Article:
Why Veterans Succeed At Praxair
Editor’s Note: The following story by Career Coach Will Leineweber highlights job opportunities at Praxair. Committed to filling its ranks with … Continued
Editor’s Note: The following story by Career Coach Will Leineweber highlights job opportunities at Praxair. Committed to filling its ranks with talented members of the military community, Praxair is a client of Hirepurpose, a Task & Purpose sister company. Learn more here.
This November, I travelled to Houston, Texas, to spend time with managers and veterans at a Praxair production facility adjacent to an oil refinery. Three key things stood out to me: it values experience more than certificates; it promotes from within; and as a Praxair employee, what you do matters.
Praxair manufactures and distributes industrial gases for a variety of purposes around the world. Its products are sold in many different formats. Everything from cylinders of oxygen, nitrogen and argon to the large-scale pipelines delivering one of a variety of industrial gases such as hydrogen. These gases are used for everything from medical applications to the manufacture of products essential to the global economy.
The facility I visited produces hydrogen and carbon monoxide from natural gas, crucial components in the production of refined petroleum. If you want to make gasoline, you need hydrogen and carbon monoxide first.
But what immediately stood out to me was that this was such a clean and squared away facility. You aren’t dealing with sludge, waste, or anything like that; the operators are mostly concerned with preventative maintenance on largely automated systems. Compressors large and small, sensors (pressure, temperature, flow), valves, fans, and the systems that control it all. To a Navy machinist’s mate or electrician's mate, all of this will seem familiar — which is one of the reasons that there are so many veterans at each facility.
Culturally, Praxair is different from its competitors in several key ways. It’s an organization that believes in safety first and operational excellence. It is also a relatively lean organization – everyone pulls the rope and wears a couple of different hats. On a Navy aircraft carrier, you have multiple shops staffed by hundreds of people — you need to at that scale. By comparison, a Praxair facility is more like a sub or small surface ship: the crew is smaller and each individual is expected to collaborate, with instrumentation technicians working shoulder-to-shoulder with mechanics. This is not an environment where you can show up and say, “Sorry, I don’t do windows.”
One of Praxair’s core values is attracting and developing the right people, which means management invests in their employees. Like the military, once you’re up to speed in your job you’ll be groomed and supported if you want to move to the next level. There is active involvement on the part of leadership to grow each employee for future upward mobility, if that’s what you want. Sure, some folks are content to stay at the level they’re at for the long haul, but veterans tend to want career progression and you will find that opportunity here.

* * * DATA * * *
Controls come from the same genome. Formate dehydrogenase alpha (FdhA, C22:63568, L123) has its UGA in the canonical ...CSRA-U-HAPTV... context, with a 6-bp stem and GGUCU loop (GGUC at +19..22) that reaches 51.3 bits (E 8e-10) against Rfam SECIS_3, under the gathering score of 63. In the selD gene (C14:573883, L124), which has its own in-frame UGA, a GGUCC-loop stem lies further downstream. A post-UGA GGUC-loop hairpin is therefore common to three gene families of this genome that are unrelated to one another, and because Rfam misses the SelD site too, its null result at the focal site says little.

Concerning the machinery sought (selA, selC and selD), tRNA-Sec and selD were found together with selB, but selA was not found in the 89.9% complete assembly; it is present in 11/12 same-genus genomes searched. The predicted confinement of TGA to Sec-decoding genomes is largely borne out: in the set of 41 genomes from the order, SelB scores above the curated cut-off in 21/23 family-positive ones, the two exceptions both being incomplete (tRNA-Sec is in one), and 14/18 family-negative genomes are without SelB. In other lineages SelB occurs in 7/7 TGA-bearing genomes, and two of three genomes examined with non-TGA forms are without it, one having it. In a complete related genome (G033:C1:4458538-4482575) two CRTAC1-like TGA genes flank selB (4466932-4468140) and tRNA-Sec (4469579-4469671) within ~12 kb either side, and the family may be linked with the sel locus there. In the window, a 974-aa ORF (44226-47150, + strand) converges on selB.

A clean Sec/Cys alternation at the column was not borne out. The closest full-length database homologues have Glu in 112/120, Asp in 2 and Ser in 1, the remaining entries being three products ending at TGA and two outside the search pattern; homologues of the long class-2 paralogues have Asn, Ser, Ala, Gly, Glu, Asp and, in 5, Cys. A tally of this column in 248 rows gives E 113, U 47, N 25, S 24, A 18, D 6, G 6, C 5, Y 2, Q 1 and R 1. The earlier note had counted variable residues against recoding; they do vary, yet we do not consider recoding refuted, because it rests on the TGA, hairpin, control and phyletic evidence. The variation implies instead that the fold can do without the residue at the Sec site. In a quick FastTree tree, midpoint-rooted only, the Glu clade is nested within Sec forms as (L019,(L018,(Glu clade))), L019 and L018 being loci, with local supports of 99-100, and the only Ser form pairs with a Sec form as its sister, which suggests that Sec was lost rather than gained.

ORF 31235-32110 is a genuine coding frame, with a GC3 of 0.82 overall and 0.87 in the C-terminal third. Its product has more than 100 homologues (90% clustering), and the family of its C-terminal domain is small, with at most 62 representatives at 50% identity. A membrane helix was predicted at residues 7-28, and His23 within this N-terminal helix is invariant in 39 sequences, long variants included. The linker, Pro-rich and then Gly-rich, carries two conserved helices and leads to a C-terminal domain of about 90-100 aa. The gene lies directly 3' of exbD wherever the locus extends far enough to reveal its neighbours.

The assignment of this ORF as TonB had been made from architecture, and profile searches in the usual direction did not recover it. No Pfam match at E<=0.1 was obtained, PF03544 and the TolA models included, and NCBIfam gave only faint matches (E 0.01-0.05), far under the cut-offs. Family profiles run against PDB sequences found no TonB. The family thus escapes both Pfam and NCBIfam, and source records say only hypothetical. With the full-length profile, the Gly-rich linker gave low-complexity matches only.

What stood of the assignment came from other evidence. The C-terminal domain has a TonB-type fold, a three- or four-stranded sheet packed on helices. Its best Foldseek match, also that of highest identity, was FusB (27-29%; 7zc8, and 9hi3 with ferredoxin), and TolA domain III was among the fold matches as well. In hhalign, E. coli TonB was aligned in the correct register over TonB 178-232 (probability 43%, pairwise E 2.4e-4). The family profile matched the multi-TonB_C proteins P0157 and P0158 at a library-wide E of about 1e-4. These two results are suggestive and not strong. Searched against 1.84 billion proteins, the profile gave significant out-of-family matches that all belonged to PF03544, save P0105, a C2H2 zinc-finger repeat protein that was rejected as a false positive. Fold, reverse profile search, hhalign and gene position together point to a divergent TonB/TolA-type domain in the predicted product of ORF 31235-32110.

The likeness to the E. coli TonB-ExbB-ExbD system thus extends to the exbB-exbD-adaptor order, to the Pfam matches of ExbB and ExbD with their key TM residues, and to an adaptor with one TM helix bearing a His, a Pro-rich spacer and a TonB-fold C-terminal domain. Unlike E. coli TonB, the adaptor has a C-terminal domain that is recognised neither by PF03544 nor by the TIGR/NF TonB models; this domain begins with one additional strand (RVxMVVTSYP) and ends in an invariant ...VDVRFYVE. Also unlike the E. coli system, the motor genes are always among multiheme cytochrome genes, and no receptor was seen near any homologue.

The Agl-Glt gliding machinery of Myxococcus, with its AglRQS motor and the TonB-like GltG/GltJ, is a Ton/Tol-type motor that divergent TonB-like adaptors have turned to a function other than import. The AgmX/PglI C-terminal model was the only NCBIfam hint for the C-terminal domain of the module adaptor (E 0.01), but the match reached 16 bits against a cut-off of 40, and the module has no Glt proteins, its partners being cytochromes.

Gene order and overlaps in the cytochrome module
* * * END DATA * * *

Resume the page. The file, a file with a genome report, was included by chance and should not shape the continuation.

Mike Bacon, a Praxair global maintenance manager, was a senior chief when he retired. When he first started at the company, Mike wanted to work with his hands and be a technician more than a manager; he was ready for a break after a career spent on submarines. Doing what most vets do, Mike quickly found himself rising through the ranks as a lead technician, then maintenance superintendent overseeing a facility, then several facilities. Now, Mike oversees maintenance for hydrogen facilities across the world, and not just because he has an engineering degree: He has technical skills and leadership abilities developed in the military that serve what the business needs and he hasn’t been held back by a piece of paper like you might find at other companies.
Another cultural element at Praxair is that, as an employee, you are empowered. There aren’t several layers of redundancy like you find at bloated organizations: You have greater responsibilities and you are treated like a grown up. With that comes a heavy emphasis on integrity. If you make a mistake, own it, say something and learn from it. Ignoring a mistake can cause a chain reaction of events that puts the entire team at a disadvantage, and if you’re not a fan of micromanagement and you like to come up with solutions and ideas to improve processes, you would feel at home here.
What kinds of vets do well at Praxair? Technically speaking, those that have a strong background in mechanical or electrical skills. Cryo techs from the Marines. Anyone with hands-on technical experience, the ability to troubleshoot, and work across several specialties. One of the roles Praxair needs to hire more for is the instrumentation technician, which works in and across electrical, instrument and analyzer disciplines every day. Rarely does a job seeker have experience in all three, but two out of three is usually enough to make you competitive and Praxair will help you with on-the-job training to increase your skill level.
Praxair also hires officers: If you have an engineering degree and you were a department head on a ship, you’d probably compete well for a role as a plant engineer. You have the leadership experience and technical aptitude to get up to speed quickly and become an essential member of the team.